I’m 31. An ex-banker. Single white female. For years, I’d dreamed of becoming a journalist. This summer, I took my dream to task in Ulaanbaatar, the capital city of Mongolia. I’d chosen to temporarily relocate from New York City to Mongolia to jump-start a new career. I never could have imagined that within just weeks, I’d camp in the fabled steppe, eat blow-torched sheep, sleep under the stars in the Gobi desert…and become the national news anchor for the state-owned TV station.
“Patricia, uh, do you have a comb?” said the Mongolian news director. I couldn’t very well see why a comb was going to be necessary to complete my task of writing the English news, so I challenged her. “Well,” she said, “we’d like you to become our anchor. Starting tonight.” I didn’t waste a moment digging through my handbag to produce a comb, and a supply of make-up whose application rivaled that of preparations for my 30th birthday party. That night I broke a corruption story implicating members of Parliament. Just imagine presenting breaking scandalous news that implicates a recently ex-Soviet state, when you work for that state.
Heady with excitement, I returned home to regale this tale to my Mongolian family. Unfortunately, they’d left. With all the food, toilet paper, and bottled water. Even the freezer. Nearly a month later, they dropped by to invite me to their country house. Silently forgiving them, I packed my overnight case on top of a dead sheep which was in the trunk of their car, and off we were to camp in the steppe. We later ate that sheep as part of a traditional dish called “khorkhog”, where an animal is beheaded, stuffed with hot stones, and blow-torched until it’s fur is burned off.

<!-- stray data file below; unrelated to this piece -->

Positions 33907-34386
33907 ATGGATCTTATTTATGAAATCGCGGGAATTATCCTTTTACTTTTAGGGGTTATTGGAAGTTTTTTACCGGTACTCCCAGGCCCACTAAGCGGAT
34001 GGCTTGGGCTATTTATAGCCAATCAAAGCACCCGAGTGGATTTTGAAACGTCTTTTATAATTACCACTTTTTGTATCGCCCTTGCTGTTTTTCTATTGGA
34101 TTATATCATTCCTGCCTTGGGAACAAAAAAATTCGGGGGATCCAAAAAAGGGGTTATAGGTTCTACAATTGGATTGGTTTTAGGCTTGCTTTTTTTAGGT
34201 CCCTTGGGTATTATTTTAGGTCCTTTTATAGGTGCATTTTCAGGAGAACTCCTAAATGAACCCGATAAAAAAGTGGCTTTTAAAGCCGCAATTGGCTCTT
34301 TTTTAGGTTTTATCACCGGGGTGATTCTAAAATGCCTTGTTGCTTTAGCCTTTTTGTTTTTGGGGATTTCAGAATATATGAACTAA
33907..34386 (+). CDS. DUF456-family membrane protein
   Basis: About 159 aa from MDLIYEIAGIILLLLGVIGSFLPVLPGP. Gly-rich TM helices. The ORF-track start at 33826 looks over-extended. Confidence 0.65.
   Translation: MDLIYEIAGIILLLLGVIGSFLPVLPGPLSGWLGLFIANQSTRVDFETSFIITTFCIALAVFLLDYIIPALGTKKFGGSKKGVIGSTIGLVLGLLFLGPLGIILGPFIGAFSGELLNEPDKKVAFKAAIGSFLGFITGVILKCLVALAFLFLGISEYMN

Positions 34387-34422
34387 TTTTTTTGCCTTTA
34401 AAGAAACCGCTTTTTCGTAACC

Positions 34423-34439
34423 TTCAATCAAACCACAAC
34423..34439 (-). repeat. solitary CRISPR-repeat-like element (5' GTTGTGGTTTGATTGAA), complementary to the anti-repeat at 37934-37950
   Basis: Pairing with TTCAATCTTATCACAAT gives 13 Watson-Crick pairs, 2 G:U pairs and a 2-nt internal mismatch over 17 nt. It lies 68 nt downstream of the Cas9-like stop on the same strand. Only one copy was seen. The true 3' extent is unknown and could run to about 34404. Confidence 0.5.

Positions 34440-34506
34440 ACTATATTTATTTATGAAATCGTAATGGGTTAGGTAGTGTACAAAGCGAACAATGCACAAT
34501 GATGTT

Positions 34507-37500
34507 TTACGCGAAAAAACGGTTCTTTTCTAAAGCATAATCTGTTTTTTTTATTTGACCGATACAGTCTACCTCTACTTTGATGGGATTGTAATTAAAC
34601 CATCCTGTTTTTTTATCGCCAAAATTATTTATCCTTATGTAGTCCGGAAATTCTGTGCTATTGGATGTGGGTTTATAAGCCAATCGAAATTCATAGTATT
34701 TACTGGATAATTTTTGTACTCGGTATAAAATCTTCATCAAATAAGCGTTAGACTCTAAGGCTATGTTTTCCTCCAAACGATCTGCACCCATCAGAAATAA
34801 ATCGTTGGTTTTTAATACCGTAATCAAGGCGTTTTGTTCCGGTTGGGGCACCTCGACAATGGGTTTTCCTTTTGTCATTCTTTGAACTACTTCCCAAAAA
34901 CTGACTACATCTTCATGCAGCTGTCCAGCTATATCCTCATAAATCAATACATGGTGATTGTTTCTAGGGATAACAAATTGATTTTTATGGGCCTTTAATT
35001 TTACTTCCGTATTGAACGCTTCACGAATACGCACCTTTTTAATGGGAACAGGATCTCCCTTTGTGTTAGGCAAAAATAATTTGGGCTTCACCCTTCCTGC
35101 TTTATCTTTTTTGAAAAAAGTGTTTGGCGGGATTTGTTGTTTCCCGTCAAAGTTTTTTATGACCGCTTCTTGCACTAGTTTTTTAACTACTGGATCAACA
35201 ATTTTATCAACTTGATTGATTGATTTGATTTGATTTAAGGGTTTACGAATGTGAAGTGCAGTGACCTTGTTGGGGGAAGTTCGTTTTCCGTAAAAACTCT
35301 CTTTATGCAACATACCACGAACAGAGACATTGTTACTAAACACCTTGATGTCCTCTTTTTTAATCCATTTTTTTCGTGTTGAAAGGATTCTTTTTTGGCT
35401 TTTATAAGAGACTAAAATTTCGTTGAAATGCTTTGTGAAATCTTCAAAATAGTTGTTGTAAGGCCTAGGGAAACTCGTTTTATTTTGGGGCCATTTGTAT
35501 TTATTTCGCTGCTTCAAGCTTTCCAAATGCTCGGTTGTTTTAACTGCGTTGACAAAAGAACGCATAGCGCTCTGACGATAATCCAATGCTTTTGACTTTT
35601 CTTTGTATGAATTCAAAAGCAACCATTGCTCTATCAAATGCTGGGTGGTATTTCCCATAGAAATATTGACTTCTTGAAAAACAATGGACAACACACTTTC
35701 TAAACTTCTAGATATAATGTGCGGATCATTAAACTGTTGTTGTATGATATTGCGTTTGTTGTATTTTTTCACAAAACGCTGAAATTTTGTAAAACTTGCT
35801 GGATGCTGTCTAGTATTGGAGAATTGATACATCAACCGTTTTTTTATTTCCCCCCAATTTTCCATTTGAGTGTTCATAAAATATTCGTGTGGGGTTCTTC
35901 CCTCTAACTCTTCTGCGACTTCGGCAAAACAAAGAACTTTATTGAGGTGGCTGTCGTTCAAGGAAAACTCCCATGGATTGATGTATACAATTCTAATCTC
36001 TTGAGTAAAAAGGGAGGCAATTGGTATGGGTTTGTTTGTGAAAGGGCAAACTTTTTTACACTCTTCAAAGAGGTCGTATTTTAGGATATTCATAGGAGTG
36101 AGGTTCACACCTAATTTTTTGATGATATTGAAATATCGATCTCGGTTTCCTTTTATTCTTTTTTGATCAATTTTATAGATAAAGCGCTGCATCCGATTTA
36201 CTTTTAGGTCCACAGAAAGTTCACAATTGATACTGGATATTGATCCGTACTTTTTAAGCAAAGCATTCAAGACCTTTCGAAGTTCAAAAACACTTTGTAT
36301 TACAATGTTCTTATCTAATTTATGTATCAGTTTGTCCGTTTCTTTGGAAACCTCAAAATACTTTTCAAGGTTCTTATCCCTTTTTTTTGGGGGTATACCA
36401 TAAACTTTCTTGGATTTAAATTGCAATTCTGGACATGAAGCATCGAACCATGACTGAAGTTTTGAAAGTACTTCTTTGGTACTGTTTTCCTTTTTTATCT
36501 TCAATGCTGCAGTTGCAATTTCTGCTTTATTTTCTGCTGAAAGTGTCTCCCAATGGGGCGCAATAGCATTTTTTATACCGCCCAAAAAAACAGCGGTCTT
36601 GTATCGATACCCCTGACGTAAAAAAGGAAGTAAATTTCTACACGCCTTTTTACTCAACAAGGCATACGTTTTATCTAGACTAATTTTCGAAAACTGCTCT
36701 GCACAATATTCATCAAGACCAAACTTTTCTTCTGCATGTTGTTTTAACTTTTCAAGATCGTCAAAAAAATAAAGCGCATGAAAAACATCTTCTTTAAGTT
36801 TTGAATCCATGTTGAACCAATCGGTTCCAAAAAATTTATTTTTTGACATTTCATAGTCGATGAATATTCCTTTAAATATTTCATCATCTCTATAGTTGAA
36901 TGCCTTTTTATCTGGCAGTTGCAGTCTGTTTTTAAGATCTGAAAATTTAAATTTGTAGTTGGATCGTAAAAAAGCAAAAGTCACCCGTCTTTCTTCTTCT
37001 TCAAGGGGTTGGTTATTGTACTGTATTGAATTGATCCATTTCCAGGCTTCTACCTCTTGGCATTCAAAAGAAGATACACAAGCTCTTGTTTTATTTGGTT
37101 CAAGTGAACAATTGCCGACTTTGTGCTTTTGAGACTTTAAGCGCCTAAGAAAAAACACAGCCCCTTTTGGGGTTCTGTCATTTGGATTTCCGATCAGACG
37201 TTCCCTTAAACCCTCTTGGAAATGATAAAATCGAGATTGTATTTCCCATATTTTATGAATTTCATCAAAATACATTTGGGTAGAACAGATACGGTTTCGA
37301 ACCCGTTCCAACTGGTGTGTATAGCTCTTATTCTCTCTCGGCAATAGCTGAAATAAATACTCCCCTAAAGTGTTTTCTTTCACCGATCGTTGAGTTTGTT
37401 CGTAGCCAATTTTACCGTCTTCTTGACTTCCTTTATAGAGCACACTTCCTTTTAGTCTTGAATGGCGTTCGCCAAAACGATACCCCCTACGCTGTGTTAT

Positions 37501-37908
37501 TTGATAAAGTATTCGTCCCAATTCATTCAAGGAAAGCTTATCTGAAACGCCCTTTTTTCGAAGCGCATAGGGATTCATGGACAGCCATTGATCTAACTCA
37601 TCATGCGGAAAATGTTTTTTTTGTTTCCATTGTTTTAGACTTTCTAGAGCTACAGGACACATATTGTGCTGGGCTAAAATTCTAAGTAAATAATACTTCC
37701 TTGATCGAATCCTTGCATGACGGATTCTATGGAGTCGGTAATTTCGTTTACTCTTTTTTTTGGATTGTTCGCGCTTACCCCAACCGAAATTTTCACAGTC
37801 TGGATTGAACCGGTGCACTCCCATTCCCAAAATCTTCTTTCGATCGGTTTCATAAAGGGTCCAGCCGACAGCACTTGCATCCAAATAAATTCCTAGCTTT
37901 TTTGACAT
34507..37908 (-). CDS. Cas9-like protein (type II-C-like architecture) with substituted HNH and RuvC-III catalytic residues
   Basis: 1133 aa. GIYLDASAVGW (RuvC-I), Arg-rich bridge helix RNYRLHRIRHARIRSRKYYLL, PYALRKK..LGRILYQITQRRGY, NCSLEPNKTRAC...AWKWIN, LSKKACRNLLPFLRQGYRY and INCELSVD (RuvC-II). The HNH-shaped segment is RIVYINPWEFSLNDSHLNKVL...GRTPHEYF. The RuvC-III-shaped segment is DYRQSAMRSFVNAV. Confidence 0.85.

No sooner had my adventure begun than I was making preparations for my final excursion in this exotic land. A group of four of us hired a driver to set out for the Gobi. We spent seven days in the hottest, driest, and most environmentally hostile place I’ve ever been. Without the benefit of air-conditioning, our van sped over potholes and pockmarked roads. On the third day, as the temperature approached 104 degrees, the van screeched to a halt in the middle of a road in the South Gobi. The driver jumped out, angrily examined a window jamb, which had broken during the bumpy ride. Worried the rest of the jambs would suffer the same fate, he sealed all of our windows shut. We drove the remainder of the journey in a greenhouse on wheels. But at night we slept outside, under the stars, which were as plentiful as a handful of Gobi sand thrown into the sky. As I drifted off to sleep, I decided against wishing upon a star, as I’d done every night since I was a kid. After all, my wish had already come true. I’d fulfilled my dream of becoming a journalist.
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